Heterogeneous Ordered Mesoporous Carbon/Metal Oxide Composites for the Electrochemical Energy Storage
Lee, Sang Bok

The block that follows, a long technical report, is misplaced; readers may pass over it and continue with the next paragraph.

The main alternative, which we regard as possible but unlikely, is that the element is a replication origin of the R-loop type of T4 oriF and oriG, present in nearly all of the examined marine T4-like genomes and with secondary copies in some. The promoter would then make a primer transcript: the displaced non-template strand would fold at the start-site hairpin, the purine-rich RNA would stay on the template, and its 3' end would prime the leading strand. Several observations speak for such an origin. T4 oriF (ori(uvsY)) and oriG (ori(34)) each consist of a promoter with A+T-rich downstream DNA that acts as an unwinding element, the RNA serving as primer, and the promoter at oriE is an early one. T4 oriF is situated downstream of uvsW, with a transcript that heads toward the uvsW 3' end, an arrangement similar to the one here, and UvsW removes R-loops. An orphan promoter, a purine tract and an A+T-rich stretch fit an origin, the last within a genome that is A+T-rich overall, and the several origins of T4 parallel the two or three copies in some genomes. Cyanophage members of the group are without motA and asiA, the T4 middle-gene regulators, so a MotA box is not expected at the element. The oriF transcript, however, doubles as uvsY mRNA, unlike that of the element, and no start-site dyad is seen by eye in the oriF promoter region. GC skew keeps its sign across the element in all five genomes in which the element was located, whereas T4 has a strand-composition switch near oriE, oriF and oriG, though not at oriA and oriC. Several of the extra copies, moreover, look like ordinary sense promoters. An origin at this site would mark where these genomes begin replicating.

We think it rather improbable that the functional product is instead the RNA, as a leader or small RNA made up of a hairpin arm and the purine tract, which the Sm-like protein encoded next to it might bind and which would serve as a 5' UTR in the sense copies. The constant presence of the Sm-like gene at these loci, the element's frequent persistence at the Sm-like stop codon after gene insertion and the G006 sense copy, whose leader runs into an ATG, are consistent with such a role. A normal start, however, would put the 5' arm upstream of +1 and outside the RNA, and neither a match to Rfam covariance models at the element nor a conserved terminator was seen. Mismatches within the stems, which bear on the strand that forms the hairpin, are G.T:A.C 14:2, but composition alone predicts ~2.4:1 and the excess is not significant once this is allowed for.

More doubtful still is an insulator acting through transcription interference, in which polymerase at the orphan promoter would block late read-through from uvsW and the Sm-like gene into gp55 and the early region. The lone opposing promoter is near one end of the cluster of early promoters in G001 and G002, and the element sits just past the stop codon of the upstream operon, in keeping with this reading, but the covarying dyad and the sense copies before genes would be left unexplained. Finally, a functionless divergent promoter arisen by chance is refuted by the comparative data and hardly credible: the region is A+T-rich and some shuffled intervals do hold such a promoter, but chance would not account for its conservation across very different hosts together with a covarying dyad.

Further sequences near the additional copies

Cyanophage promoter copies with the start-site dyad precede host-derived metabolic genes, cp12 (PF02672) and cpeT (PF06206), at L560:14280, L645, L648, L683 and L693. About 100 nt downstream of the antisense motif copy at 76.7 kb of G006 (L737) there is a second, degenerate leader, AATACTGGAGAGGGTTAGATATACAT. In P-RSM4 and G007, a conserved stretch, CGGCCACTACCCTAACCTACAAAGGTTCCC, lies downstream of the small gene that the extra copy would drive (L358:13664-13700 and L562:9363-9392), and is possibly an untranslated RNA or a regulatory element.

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The combination of high electronic conductivity, enhanced ionic mobility, and large pore volume make ordered mesoporous carbons (OMCs) promising scaffolds for active energy storage materials. However, mesoporous structures and material morphology need to be more thoroughly addressed. This dissertation discusses the effects of mesoporous structures and material morphologies on the electrochemical performance of OMC/Fe2O3 composites. In the first approach, Fe2O3 was embedded into 1D cylindrical (FDU-15), 2D hexagonal (CMK-3), and 3D bicontinuous (CMK-8) symmetries of mesoporous carbons. These materials were used as supercapacitors for a systematic study of the effects of mesoporous architecture on the structure stability, ion mobility, and performance of mesoporous composite electrodes. The results show that the CMK-3 and CMK-8 synthesized by hard template method can provide high pore volume, but the instability of their mesostructures hinders the total electrode performances upon oxide impregnation. In contrast, the FDU-15 from the soft template method can provide a stable mesostructure. However, it contains much smaller pore volume and surface area, leading to limited metal oxide loading and electrode capacitance. Based on these results, anodized aluminum oxide (AAO) and triblock copolymer F127 are used together as hard and soft templates to fabricate ordered mesoporous carbon nanowires (OMCNW) as a host material for Fe2O3 nanoparticles. The synergistic effects in the dual template strategy provide a high pore volume and surface area, and the structure remains stable even with high metal oxide loading amounts. Additionally, the unique nanowire morphology and mesoporous structure of the OMCNW/Fe2O3 facilitate high ionic mobility in the composite, leading to a large capacitance with good rate capability and cycling stability. I further evaluated this OMCNW/Fe2O3 as a lithium-ion battery (LIB) anode, which showed that the porous symmetry, material morphology, and structure stability are even more important in the rate and cycling performances of LIBs. This work helps further the understanding and optimization of porous structures and morphologies of heterogeneous composites for next generation electrochemical energy storage materials.